Few ventures were dearer to George Washington than his plan to make the Potomac River navigable as far as the Ohio River Valley. In the uncertain period after the Revolutionary War, Washington believed that better transportation and trade would draw lands west of the Allegheny Mountains into the United States and "...bind those people to us by a chain which never can be broken."
"The way," Washington wrote, "is easy and dictated by our clearest interest. It is to open a wide door, and make a smooth way for the produce of that Country to pass to our Markets ...."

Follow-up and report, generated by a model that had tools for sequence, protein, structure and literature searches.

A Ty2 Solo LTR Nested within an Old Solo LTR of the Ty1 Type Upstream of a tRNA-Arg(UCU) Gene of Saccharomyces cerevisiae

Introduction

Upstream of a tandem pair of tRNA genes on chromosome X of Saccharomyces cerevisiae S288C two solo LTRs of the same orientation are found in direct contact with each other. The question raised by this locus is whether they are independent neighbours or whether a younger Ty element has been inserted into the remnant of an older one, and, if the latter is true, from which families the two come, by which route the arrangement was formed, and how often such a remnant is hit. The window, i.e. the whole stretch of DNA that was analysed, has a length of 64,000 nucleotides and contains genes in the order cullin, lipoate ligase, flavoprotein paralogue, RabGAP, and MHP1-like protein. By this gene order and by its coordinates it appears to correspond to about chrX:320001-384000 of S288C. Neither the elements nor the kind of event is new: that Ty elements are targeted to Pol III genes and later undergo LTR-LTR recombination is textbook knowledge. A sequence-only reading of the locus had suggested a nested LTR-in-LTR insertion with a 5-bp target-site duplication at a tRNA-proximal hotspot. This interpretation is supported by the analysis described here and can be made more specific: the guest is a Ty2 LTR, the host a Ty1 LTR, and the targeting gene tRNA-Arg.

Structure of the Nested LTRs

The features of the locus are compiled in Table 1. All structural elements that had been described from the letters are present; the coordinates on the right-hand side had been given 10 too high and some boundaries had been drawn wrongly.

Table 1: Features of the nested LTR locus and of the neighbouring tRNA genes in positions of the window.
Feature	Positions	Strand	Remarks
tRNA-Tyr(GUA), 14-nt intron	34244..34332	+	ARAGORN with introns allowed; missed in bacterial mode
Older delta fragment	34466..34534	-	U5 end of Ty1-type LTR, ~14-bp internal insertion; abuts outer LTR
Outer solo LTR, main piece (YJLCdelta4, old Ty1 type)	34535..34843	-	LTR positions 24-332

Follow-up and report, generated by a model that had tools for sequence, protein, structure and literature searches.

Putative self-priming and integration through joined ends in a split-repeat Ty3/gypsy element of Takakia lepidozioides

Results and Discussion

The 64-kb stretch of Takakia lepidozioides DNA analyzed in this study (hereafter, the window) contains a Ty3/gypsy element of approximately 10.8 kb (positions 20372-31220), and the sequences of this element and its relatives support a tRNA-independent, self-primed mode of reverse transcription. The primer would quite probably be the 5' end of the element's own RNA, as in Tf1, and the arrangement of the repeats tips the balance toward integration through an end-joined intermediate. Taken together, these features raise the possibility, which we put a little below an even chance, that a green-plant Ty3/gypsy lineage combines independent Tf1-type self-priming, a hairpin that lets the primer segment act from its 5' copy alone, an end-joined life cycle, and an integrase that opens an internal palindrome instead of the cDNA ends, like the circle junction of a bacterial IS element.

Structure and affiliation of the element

As a waterway west the Potomac River could be that "door." It was the shortest route between tidewater, with access to East Coast and trans-Atlantic trade, and the headwaters of the Ohio River, with access to the western frontier. But both political and physical obstacles had to be overcome.
Opening the Potomac required cooperation of Virginia and Maryland, which bordered the river. In 1784, Washington convinced the states' assemblies to establish a company to improve the Potomac between its headwaters near Cumberland, Md., and tidewater at Georgetown. The Patowmack Company, organized May 17, 1785, drew directors and subscribers from both states. The office of president, Washington wrote in his diary, "fell upon me." He presided over the project until he became the nation's chief executive.